Energy policy — nuclear: The EPA to revise Powertech USA’s permit for a test well

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Here’s the release from the Environmental Protection Agency (Richard Mylott):

The U.S. Environmental Protection Agency (EPA) will revise and reissue a permit authorizing Powertech, USA, to re-inject water as part of an aquifer pump test at the proposed Centennial uranium recovery site in Weld County, Colo. The new draft Underground Injection Control (UIC) Class V permit will include a specific water pressure requirement for reinjection that was inadvertently not included in a permit EPA issued last December.

“EPA will remedy this oversight and clarify this permit with full transparency and public involvement,” said Steve Tuber, EPA’s assistant regional administrator in Denver. “We will issue a new draft permit that maintains specific and rigorous requirements to ensure the protection of groundwater.”

EPA issued a final Class V UIC permit to Powertech in December 2010 following a year-long public review and comment process. Since that time, EPA’s Environmental Appeals Board (EAB), an independent board that oversees EPA permitting actions, has received two petitions for review of the final permit. The EAB has asked EPA to file a response addressing the petitioners’ contentions.

After reviewing the petitions, EPA has decided to withdraw, revise and reissue the permit. This decision is based on a petitioner’s issue noting that the final permit did not specify that Powertech is required to not exceed zero pressure at the wellhead when re-injecting water from the pump test. While EPA has clearly stated its intent to require this condition, and Powertech has agreed to comply, this requirement was inadvertently not included in the final permit. The maintenance of zero pressure at the wellhead is important as it helps ensure that the re-injection activity will not cause movement of water between aquifers beyond that which is naturally occurring.

EPA intends to issue a new draft permit within the next several weeks that specifically requires that Powertech not exceed a Maximum Allowable Injection Pressure (MAIP) of zero at the wellhead. EPA will also clarify language in the permit to address additional concerns noted in the petitions. Upon issuing the new draft permit, EPA will initiate a public review and comment period.

This UIC Class V permit is limited to groundwater re-injection. Specifically, the permit will enable Powertech to re-inject water taken from a sandstone aquifer within the Fox Hills formation during an aquifer pump test in which groundwater will be placed in holding tanks and re-injected, unaltered, into the same aquifer. The test is designed to provide information about hydrogeology at the Centennial site and inform the feasibility of any future in-situ uranium extraction activities. Conditions of the aquifer pump test itself are subject to prior approval by the Colorado Division of Reclamation, Mining, and Safety.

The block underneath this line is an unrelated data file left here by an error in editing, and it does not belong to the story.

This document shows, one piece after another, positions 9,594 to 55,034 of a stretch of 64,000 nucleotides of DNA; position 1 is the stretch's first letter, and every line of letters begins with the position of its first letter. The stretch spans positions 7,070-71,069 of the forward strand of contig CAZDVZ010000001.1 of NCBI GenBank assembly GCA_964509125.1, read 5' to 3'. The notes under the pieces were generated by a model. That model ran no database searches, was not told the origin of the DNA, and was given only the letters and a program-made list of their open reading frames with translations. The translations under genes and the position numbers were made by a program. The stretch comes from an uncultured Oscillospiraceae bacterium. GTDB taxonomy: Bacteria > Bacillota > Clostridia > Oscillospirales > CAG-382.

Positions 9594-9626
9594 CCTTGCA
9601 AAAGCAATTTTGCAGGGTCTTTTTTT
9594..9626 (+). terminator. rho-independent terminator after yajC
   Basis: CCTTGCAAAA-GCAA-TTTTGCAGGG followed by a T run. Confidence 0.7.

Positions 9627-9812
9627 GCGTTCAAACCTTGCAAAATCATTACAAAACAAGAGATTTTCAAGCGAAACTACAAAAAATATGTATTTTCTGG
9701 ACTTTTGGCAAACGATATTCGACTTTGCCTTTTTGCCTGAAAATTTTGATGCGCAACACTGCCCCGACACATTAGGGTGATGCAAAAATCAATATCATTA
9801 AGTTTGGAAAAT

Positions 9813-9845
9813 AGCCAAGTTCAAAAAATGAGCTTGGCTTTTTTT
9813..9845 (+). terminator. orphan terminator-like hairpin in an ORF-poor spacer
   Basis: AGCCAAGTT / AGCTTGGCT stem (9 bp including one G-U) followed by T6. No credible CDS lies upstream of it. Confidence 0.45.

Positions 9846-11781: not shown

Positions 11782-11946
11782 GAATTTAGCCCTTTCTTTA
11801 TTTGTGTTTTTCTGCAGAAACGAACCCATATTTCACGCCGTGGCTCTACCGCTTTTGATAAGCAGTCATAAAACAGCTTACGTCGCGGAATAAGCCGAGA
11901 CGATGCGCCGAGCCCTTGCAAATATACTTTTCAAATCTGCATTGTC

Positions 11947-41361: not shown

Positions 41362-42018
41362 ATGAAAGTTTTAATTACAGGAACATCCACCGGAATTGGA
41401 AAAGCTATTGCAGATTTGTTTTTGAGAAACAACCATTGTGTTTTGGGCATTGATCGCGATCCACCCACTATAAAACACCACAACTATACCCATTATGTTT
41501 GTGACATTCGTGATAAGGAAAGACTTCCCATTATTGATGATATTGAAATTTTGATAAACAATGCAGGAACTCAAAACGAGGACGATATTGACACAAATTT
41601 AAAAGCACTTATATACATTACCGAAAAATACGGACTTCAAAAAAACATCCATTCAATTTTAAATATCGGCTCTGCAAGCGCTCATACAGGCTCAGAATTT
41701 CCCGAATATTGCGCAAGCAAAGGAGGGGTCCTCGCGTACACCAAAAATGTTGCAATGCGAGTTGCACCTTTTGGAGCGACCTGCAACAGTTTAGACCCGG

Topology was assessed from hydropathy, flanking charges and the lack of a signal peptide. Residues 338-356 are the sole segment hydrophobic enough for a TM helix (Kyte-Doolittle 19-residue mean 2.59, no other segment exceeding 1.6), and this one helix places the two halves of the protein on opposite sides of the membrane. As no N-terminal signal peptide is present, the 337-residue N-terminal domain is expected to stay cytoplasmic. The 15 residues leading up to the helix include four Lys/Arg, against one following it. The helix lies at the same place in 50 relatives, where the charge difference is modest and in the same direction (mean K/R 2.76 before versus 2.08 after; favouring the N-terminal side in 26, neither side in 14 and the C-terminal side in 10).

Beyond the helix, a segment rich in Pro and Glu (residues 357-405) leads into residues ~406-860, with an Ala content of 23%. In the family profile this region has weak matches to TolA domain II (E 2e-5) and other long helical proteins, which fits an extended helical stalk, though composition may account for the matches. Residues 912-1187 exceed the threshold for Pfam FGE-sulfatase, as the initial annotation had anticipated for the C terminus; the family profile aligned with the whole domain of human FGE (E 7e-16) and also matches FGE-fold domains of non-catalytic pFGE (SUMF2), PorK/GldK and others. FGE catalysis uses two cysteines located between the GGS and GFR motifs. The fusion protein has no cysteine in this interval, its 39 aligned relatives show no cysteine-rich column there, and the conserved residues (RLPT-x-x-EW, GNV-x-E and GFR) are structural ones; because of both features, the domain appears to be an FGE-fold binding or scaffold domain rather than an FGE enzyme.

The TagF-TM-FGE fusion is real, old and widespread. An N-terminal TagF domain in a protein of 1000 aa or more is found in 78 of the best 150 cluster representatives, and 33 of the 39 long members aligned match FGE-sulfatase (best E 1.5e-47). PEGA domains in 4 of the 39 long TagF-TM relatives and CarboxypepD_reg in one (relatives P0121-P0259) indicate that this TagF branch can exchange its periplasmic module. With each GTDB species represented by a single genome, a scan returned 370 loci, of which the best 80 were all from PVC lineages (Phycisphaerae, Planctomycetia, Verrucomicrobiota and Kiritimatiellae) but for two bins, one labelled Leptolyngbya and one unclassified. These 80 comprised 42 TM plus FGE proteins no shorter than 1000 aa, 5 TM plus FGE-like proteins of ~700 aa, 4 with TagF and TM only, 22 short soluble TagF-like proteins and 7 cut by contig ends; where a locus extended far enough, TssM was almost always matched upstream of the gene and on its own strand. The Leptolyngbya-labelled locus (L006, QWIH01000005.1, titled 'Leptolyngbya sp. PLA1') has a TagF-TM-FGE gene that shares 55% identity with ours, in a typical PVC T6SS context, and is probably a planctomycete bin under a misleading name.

This UIC permit does not allow for the removal or processing of uranium or the disposal of waste water at the project site. Such activities would be subject to additional EPA and State permit(s). Any future UIC permit applications will be subject to an extensive public review process, including access to technical information, public meetings and comment periods consistent with applicable laws and regulations.

The State of Colorado is an Agreement State under the Nuclear Regulatory Commission’s regulations for uranium in-situ leaching facilities and has authority for the licensing and operation of uranium extraction activities.

Related documents can be found at:

More coverage from The Denver Post (Joey Bunch). From the article:

…in taking that action, the Environmental Protection Agency’s Region 8 office in Denver said it intends to draft another permit within the next few weeks and open it up for public comment, according to paperwork filed with the Environmental Appeals Board in Washington.

The environmental group Coloradoans Against Resource Destruction, or CARD, and James Woodward, who lives near the proposed site near Nunn, had filed an appeal with the board in January, which temporarily stayed the permit. Their concerns included the EPA’s failure to review Power tech data from aquifer-pump tests in 2008 in the same geologic formation — one just 500 feet from the currently proposed injection well. They also claimed that the EPA failed to include a maximum well-injection-pressure requirement in the permit and that the agency did not evaluate the success in plugging other such sites. “The petitions raised substantial issues with the permit, warranting re-evaluation by EPA, and they were right to withdraw (the permit),” CARD co-founder Jay Davis said in a statement.